I’m reminded of a sign at an entrance to Winchester Cathedral: “You are entering a conversation that began long before you were born, and will continue long after you are dead.” And so it is each time we enter this resonant space. We join a conversation. First, a discourse between architects and planners, among local business- men and women, committees and faithful parishioners who have tried to say something about God and faith in concrete, glass, wood, and iron…
Come to this Holy Box on Sunday nights at 9:30, when both the light and the darkness, inside and outside, are in dialogue with each other. And discover that the architecture of this place suggests a space apart, rather than a place sealed off from the rest of creation. It’s not that God is “in here” as opposed to “out there”, but rather our experience in this space opens our eyes to holy presence both within and without…
The visual conversation is joined by silence and sound, made possible by the space. In choice of texts both said and sung and in the very musical settings, the dialogue, the conversation continues. Ancient plainsong hallowed and honed by at least a millennium of daily prayer, polyphony from the renaissance, solid chorales and song-tunes of reformers and Pietists, folk tunes gathered from the countrysides, and joined with them notes from Butler, Hallock, and Proulx still wet on the page. Hymns of seraphim and cherubim, poetry of King David, prose of Isaiah, mystical texts of medieval bards, angular words of Luther, messages of hope and promise from black slaves, and unforgettable phrases of W. H. Auden, his “rare beasts and unique adventures.” All of these voices are in conversation with us in this place. Surely the words of the author of the Letter to the Hebrews seem apropos, as we reflect on our experience week by week “surrounded by so great a cloud of witnesses”.
And great indeed is the cloud of witnesses, with whom we are privileged to converse, as we worship. It is a radical and important thing that we as modern people bring ourselves to this conversation – – open ourselves to the voices of the past, in order to be informed, inspired, challenged, judged, instructed, yea, even disciplined for the work of our time, that we too might run with perseverance the race that is set before us.
Ralph’s sermon went on to speak of several issues that were in everyone’s thoughts in the summer of 2004: the political race, and the Olympic Games. He spoke of the divisions in American political and religious life, and wove it into the gospel for the day – Jesus’ saying that every house would be divided, “two against three, and three against two.” He brought in Karen Armstrong’s book, The Battle for God, and “the ancient distinction between mythos and logos; between sacred significance and rational discourse; between meaning and practical matters.” And Ralph reminded us of her warning about “the grave dangers which exist when the two are confused or combined – as current events at home and abroad attest.” He continued:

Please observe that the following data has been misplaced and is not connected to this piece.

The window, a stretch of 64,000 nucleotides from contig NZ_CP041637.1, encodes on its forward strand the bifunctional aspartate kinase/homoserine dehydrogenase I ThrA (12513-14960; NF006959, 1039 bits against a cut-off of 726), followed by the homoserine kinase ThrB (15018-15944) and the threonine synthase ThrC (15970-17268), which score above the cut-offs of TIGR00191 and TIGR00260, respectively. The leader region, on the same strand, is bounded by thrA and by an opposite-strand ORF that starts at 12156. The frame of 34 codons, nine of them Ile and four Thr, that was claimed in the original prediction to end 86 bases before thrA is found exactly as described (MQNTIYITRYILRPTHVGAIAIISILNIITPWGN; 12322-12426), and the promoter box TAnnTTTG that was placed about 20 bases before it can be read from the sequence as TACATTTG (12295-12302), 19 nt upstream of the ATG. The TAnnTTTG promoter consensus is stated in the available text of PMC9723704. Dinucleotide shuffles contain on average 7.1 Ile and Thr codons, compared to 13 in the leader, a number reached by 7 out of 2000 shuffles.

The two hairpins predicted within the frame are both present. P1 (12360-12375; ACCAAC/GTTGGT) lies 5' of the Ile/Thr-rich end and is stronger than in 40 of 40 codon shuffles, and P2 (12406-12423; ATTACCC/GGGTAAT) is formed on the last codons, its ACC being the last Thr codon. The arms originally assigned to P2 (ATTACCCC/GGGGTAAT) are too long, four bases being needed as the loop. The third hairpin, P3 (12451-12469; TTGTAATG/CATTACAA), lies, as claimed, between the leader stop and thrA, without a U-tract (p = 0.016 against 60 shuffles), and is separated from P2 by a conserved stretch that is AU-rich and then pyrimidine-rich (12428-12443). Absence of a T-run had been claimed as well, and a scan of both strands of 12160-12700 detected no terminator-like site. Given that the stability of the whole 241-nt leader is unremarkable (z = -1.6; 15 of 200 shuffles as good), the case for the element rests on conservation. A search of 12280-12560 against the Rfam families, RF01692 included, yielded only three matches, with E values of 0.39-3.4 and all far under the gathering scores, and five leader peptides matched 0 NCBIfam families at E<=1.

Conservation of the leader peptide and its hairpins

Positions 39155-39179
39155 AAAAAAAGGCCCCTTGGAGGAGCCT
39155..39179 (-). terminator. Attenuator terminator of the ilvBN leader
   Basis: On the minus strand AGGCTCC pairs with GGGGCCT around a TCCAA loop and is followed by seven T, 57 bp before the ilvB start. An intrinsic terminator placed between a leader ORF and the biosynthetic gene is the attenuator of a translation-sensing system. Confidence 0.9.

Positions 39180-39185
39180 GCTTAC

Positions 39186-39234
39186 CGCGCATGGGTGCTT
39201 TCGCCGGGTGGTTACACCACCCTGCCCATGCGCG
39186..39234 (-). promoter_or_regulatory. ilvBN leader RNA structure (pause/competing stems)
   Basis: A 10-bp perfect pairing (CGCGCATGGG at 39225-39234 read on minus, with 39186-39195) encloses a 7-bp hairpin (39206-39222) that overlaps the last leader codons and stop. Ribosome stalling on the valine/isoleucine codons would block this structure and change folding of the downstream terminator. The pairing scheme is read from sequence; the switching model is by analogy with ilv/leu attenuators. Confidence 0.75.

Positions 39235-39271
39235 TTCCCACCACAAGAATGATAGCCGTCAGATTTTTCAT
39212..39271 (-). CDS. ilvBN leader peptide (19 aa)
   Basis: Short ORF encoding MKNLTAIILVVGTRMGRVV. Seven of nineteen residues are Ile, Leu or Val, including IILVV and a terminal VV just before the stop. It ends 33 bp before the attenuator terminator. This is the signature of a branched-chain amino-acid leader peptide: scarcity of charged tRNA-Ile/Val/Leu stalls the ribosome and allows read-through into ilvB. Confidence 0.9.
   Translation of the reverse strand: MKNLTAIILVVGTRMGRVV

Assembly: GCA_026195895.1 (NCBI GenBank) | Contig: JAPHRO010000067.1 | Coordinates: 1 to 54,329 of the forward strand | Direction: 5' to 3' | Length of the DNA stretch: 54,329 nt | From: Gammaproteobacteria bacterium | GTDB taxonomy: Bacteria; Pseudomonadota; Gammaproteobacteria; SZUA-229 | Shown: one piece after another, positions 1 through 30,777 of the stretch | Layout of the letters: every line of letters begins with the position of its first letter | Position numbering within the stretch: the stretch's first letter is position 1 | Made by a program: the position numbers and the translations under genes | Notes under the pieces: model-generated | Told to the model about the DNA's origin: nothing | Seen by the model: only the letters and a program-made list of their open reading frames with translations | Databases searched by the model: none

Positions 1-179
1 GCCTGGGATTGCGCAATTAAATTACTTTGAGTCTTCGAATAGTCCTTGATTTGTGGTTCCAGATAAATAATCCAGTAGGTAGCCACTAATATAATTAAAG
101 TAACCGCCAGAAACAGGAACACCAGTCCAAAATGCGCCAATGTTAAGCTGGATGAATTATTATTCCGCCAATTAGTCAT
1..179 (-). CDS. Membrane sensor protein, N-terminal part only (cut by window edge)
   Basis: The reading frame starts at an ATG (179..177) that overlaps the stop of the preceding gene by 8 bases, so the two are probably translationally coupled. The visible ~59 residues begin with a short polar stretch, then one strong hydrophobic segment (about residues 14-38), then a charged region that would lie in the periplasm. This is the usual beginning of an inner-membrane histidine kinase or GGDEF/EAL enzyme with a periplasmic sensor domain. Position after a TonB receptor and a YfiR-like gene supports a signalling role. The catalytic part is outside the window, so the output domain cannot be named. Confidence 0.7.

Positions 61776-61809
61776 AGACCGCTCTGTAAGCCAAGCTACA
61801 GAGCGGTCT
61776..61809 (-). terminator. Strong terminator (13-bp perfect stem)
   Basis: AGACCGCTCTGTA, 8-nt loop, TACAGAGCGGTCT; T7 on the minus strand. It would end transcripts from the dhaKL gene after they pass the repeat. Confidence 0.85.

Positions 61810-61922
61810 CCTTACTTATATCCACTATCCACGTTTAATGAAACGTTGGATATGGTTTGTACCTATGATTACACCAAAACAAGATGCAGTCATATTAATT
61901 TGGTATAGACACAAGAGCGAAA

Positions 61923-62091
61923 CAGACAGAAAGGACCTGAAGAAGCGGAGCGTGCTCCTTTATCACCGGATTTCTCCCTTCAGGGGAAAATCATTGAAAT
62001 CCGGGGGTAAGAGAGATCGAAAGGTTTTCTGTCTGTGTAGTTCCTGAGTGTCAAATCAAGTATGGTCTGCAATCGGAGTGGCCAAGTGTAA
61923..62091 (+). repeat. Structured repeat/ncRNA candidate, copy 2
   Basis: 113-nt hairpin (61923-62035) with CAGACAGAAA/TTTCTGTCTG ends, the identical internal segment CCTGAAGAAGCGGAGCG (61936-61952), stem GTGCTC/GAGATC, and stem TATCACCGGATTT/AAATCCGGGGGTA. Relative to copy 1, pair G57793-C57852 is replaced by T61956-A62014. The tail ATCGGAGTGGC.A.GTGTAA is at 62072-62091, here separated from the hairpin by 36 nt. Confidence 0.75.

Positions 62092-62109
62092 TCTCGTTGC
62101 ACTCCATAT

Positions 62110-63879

This last week Dr. Peter Hallock loaned me Armstrong’s book. He has done that over the years –said – READ. And in effect what he said to me was…if you want to understand what I have been trying to do in that wonderful sacred space called St. Mark’s – a space he said “I have loved since I first visited it on a Cathedral Day at age twelve as a lad from Kent, Washington. If you want to know about my choice of texts, my musical compositions; if you want to perceive the importance of the vocation and work of the Compline Choir, read The Battle for God.” I believe that Peter and the Compline men, have, to use the metaphors of Jesus, “seen a cloud rising in the West and know it’s going to rain.” They have intuited the south wind blowing and know it’s going to be scorching heat. I believe their commitment to rehearse and sing Compline together is a way of responding. I believe they sing together on Sunday nights as a way of experiencing meaning. A way of intentionally, under the discipline of music, giving voice to a great cloud of witnesses. And in so doing making “savage souls gentle” and uplifting sad minds.” And these singers –these men we know – together with the hundreds of young folks who fill this cathedral Sunday night by Sunday night, and upwards to a hundred thousand listeners every Sunday – form for us a contemporary cloud of witnesses, pointing to a spiritual realm of eternal and timeless presence, in the face of which issues of daily life find perspective, and our lives find purpose.
That night, we sang Compline with Ralph as reader, and as a memorial to him, we have put it on our podcast site; you may listen to it here.
Ralph’s entire sermon is now posted here. There is a link to the audio recording as well — when you click on it, the screen clears, and it may take a couple of minutes for the sermon to load.
Thank you, Ralph, for your insights into liturgy, art, and music. As the Compline Choir sang for you at your memorial service we sing again the Kievan Kontakion:
Give rest, O Christ, to your servant with your saints,
where sorrow and pain are no more,
neither sighing but life everlasting.
The liturgical season of Lent is a time of quieting the mind and simplifying one’s life. We do this not only by giving up things that are unessential, but by pursuing new activities that deepen us. In the Compline Choir, we observe the season by making changes in how we sing parts of the office. The psalm, hymn, and Nunc Dimittis (Song of Simeon) are often sung in plainsong (simple unison chant). We also sing the same Orison (sung prayer) at the beginning of Compline each of the weeks of Lent: “Lord, keep us steadfast in your word” (words by Martin Luther, trans. by Catherine Winkworth) — listen to it on our podcast from March 20 (click “Play” — the Orison starts almost immediately).